Filler Words

My friend, Gavin McMahon, is a founding partner at fassforward consulting group. He also writes a great blog on public speaking and presentations: Make a Powerful Point.

Gavin recently turned his attention on filler words. He assembled a virtual panel of experts and asked the following question: “How do you get rid of the ‘ummm’ word?” On the panel were Peter Watts, Lisa Braithewaite, Michelle Mazur and me.

Interestingly, even though everyone on the panel answered the question independently, there is a common theme in the answers: Reducing filler words when we speak is a worthy objective; however, we should not become fixated on them. Things such as content and connection with the audience are much more important.

To read the post and all four points of view, click here or on the great cartoon below that Gavin drew of the five of us. And be sure to check out everyone’s website.

From left to right: Gavin McMahon, Peter Watts, Lisa Braithewaite, Michelle Mazur and Me

From left to right: Gavin McMahon, Peter Watts, Lisa Braithewaite, Michelle Mazur and Me

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About John Zimmer

International speaker, presentation skills expert, lawyer, improv performer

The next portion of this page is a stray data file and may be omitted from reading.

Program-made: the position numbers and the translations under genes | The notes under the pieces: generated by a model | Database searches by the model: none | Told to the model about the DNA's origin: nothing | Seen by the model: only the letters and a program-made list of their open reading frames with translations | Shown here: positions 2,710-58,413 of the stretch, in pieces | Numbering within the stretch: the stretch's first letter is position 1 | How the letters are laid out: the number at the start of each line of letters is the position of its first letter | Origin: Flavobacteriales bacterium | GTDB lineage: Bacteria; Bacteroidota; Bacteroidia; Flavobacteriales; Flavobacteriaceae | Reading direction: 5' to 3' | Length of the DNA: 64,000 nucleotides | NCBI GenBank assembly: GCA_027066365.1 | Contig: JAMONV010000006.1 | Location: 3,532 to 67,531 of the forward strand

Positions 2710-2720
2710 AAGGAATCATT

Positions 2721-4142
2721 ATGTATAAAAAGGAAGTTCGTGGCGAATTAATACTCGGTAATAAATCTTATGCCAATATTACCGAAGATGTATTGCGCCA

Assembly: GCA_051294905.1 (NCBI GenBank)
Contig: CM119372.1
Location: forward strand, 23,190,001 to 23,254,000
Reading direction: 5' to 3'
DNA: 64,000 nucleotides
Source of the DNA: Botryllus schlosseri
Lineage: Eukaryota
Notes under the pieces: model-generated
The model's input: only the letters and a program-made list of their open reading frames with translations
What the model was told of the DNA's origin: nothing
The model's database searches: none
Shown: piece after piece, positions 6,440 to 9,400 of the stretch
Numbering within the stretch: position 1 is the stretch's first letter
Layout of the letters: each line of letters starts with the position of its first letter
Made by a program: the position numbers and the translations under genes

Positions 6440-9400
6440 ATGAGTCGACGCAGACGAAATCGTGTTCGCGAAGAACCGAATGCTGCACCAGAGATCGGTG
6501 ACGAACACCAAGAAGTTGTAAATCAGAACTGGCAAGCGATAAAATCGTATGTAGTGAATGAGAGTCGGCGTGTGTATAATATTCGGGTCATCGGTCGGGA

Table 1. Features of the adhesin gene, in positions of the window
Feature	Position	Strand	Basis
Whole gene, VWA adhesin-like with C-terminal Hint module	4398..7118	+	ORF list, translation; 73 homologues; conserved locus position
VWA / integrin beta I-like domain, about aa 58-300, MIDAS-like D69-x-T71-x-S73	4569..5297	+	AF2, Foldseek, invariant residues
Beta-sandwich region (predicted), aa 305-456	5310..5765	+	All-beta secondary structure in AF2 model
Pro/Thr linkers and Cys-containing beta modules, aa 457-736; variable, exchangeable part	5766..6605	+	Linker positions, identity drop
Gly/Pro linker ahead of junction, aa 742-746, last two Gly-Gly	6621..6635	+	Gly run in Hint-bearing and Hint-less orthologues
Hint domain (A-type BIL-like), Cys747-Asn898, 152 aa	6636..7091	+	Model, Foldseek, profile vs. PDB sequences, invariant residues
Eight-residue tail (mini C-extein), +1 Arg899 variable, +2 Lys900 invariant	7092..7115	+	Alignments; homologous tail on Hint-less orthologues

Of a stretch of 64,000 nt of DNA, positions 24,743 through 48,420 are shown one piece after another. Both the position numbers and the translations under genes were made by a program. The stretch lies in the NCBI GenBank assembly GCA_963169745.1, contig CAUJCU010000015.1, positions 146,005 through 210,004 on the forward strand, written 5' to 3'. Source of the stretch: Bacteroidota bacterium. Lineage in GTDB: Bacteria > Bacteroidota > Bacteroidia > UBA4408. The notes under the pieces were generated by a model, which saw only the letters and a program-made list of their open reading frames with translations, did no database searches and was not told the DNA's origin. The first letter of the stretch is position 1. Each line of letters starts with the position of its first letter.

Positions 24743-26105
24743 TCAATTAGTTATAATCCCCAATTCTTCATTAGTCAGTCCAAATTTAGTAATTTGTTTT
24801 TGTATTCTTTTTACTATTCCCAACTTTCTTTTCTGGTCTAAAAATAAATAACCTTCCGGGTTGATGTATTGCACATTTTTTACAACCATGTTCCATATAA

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6 Responses to Filler Words

  1. Jon Gleason says:

    Timely post for me. My wife just told me I’m spitting out more “and, um” than normal these days. And, um, I’m not sure why.

    Like

    • John Zimmer says:

      Thanks, Jon. The ums could be coming for a number of reasons: being tired; too much going on; lack of preparation time (for presentations); or other reasons. I find that I cycle in and out of “umming” and “ahing”. Unless there is an um in every sentence, I would not make too big a deal out of it. Rather, get comfortable with slowing down the delivery and pausing more. The rest will take care of itself.

      Like

  2. mikeschultz says:

    Reblogged this on Brinker Toastmasters and commented:
    A variety of opinion on filler words…

    Like

  3. Harry W Arp says:

    A Sunday morning murmur: I’m a regular audiobook listener? I get my free classics at http://librivox.org/, which uses volunteers to read chapters? Amateurs, bless them, so I’m very accepting of varying quality, accents and audibility? There’s one phenomenon that makes me skip chapters however, I think it’s called the ‘Valley Girl Syndrome’ where women volunteers make their voices go up at the end of every sentence as if it was a question? I could deal with a few lines in a dialogue that way, but whole book chapters? See? It’s catching..?

    Like

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